Let’s Talk About the HTC One A9

Let’s Talk About the HTC One A9

HTC's upcoming handset, forever destined to be compared to the iPhone 6.

It’s no secret that HTC need a win at the moment. Their last few flagships have been met with tepid approval, where their class-leading design and solid software has been habitually let down by a few key points. We’ve discussed HTC’s success and strategy in previous articles, but it remains clear that the One m9 was a bit of a let down on some fronts, and hasn’t brought the Taiwanese company the success it sorely needs.

Recently it’s come to light that a new smartphone is planned, under a separate range from the company’s flagship ‘M’ and budget Desire offerings, suggesting a new tack, aimed somewhere between the two. This is a fairly sensible choice; it’s clear now more than ever before that Android devices can perform really well without bleeding-edge internals, that is, if they’re well thought through. What’s really polarizing opinion however, is the design of this upcoming A9. Those paying attention to any Android news stories recently would have been hard-pushed to miss the pictures below, and it’s safe to say that some strong opinions have been made clear regarding HTC’s aesthetic decisions. Clearly, the new A9 looks a lot like an iPhone 6/S.



Remind you of anything…?


This is a problem, for a number of reasons. Firstly, it almost cements the idea that HTC are struggling in the consumer’s mind. iPhone-clones are commonly found in extremely competitive markets like China, and are an accepted part of the culture, but the companies that generally partake in this habit are usually on the small, unknown side. For a previous market-leader like HTC to enter into this practice is shocking, and smacks strongly of desperation. That’s justified considering their current position as they really should be pulling out all the stops at this point, but those in the media that were previously excited about this rumored device will have performed a mutual wince after these pictures began to leak. On the other hand, this derivative attempt might work well in countries where this technique is common, and where iPhones are generally too expensive to be popular, making the A9’s weakness actually one of its biggest strengths.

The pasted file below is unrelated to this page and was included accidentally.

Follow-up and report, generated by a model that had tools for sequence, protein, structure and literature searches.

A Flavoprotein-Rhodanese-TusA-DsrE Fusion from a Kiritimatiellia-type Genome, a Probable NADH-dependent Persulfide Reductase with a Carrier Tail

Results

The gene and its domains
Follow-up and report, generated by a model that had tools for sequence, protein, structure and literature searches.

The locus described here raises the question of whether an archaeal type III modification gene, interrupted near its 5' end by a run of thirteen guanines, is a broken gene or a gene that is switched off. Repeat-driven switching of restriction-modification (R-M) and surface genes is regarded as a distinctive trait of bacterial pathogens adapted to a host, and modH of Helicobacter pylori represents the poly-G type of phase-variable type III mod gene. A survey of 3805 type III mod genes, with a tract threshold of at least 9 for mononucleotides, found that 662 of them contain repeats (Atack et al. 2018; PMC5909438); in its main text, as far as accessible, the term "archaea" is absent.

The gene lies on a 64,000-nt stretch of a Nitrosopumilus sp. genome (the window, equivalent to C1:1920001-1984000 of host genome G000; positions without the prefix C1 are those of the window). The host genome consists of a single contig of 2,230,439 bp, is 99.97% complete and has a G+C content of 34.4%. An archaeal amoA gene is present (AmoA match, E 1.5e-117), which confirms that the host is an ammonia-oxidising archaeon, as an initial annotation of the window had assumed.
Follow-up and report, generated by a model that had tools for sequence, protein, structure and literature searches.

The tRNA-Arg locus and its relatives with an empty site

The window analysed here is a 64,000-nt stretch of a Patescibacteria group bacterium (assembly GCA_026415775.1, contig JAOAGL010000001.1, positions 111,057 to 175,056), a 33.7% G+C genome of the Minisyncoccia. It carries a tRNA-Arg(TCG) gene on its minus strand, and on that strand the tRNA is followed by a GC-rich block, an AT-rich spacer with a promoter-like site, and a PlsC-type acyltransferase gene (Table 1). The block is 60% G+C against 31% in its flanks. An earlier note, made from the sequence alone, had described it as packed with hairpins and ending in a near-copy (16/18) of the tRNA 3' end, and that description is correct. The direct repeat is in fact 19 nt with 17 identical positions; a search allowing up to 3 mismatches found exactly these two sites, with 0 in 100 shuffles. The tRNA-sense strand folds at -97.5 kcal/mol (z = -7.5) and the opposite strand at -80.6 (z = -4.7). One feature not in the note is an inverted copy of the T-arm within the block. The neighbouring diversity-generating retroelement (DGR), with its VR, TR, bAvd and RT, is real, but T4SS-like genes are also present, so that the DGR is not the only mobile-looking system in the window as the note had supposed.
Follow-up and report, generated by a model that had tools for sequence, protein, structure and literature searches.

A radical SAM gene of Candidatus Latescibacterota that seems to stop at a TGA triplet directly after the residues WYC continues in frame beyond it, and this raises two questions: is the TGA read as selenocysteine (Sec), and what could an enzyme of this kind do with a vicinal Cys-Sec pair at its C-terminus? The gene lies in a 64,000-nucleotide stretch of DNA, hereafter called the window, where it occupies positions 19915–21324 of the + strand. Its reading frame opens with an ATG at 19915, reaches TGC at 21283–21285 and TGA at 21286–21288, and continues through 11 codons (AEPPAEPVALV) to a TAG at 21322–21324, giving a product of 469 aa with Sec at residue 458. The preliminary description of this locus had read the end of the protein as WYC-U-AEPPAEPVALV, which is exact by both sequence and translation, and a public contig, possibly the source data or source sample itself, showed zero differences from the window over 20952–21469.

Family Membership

However, this design is unfortunately quite impractical. One element that is constantly being argued back and across the forums and Reddit is bezel size, and HTC doesn’t have a particularly good record in this area. The A9 continues this trend, introducing even larger bezels than those that kicked up such a fuss when the One M8 was announced. Obviously, the included fingerprint sensor is partly to blame here, but there’s more going on that just that. HTC’s ever-present logo is clearly displayed below the screen, and although previous reports from HTC employees have stated that this isn’t wasted space and would be there regardless of the logo’s presence, you have to wonder how other manufacturers manage it. No other company seems to need this much unused room, and the A9 sticks out even further by not integrating the company’s famous BoomSound speakers. This remains an inefficient use of space and will serve to make the handset more difficult to handle than others with comparable screen sizes.